London, 21 December 2005 (RFE/RL) -- Dafne Ter-Sakarian is an analyst with the Economist Intelligence Unit (EIU) and edited the 2006 report. She said that when oil prices get too high, oil producers suffer, too.
"It’s a sort of second-order effect. To begin with, you are producing oil and you are getting lots of money for it. But eventually, if that forces other countries, your customers, into a recession or a sharp slowdown, then nobody can buy your oil anyway. So, at that point, it’s not good," Ter-Sakarian told RFE/RL.
Ter-Sakarian said this development will fuel inflation and monetary tightening in oil-importing countries. And this could "puncture consumer confidence in the U.S. and choke growth in Western Europe," rebounding on the oil-producing countries.
Professor Andrew Oswald, an economics expert at the University of Warwick, agrees with the EIU's conclusions. "Any economist would agree that high prices are going to cause consumers to cut back, and that’s bound to be one of the effects in the market," he noted. "Historically, there is a great deal of evidence that oil-price spikes slow economic growth in modern economies, so I think it’s going to be an important adverse factor."
Oswald points out that negative effects of high oil prices on oil importers, such as unemployment, are usually delayed by a year or more. So, with high oil prices having been around for some months now, the effects will show next year.
Ter-Sakarian explained that, at the moment, the countries that buy oil have managed to absorb the price effects. But the risk is that they might not be able to, if inflation keeps rising. A lot will depend on central banks managing the situation, she said. This is why the report expects growth to be weak in countries such as Germany, Italy, Portugal, and Japan in 2006 -- at around 1 percent.
Ter-Sakarian said that most oil-producing countries, including those in the post-Soviet space, should expect high growth. For example, the EIU predicts economic growth rates of almost 9 percent in Kazakhstan, 9 percent in Turkmenistan, 10 percent in Georgia, and 25 percent in Azerbaijan, but that growth will slow.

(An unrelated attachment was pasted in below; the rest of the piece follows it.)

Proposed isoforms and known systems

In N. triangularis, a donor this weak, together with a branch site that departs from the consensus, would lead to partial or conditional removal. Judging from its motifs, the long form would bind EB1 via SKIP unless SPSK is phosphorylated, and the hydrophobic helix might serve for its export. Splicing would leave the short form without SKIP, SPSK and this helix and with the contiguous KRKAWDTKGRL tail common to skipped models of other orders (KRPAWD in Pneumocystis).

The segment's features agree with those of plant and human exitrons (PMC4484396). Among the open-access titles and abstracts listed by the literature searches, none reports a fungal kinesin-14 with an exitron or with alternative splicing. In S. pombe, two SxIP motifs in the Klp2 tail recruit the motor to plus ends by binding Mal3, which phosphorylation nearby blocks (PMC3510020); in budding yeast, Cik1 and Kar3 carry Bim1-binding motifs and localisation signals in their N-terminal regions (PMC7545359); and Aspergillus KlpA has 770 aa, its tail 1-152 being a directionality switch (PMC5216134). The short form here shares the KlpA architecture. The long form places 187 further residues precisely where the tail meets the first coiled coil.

The report is fairly critical of Russia, because it has squandered much of its growth potential, according to Ter-Sakarian. "We are seeing that the correlation between oil prices and GDP [gross domestic product] growth, which has held for many years, is now breaking down. And Russia, if it had not been for the whole Yukos affair, if it had not been for the stalling of structural reform, and if it had had better monetary management, it could have grown much faster than, in fact, it has."
Ter-Sakarian said there is "a whole web of Soviet-like arrangements" being kept alive in Russia, such as Gazprom and Unified Energy Systems. She said their wastefulness, inefficiency, and networks of unprofitable subsidiaries have a negative impact. This is part of the reason why the Commonwealth of Independent States as a whole should see growth further slowing in 2006, to less than 6 percent.
However, several oil-producing countries are keeping growth high. "The key countries are also Kazakhstan and Azerbaijan," she noted. "The China pipeline is of importance to Kazakhstan to have several export routes so that it doesn’t rely exclusively on Russia, which is the problem at the moment. And Georgia is benefiting from the Baku-Ceyhan [pipeline], so it’s still oil-related."
The EIU report also sees strong growth in Southeastern Europe, mainly in the countries of the former Yugoslavia. Matthew Shinkman, an EIU analyst for Southeastern Europe, said Bosnia-Herzegovina in particular should see growth increasing from 5.3 percent this year to just below 6 percent.
"We expect the upturn in Bosnia to be one of the strongest of the region," Shinkman told RFE/RL. "There’ve been several large foreign investments in the country recently, and we expect that to continue in 2006. Since it’s a relatively small country, coming from such a low base, that significant investment can have a fairly immediate impact in terms of employment and growth."
In contrast to most of the region, Shinkman said, economic growth in Romania will slow due to large deficits. He believes both monetary policy and fiscal policy in Romania will be growth restrictive.
The EIU's Ter-Sakarian said there are two dangerous developments to watch for in 2006, as global growth cools. First, there is a danger of China’s "investment bubble" bursting, as growth is slowed to stop the economy from overheating. That's having a negative impact on exports to China.
And then there is the looming danger of an avian-flu pandemic, which poses potentially catastrophic economic effects.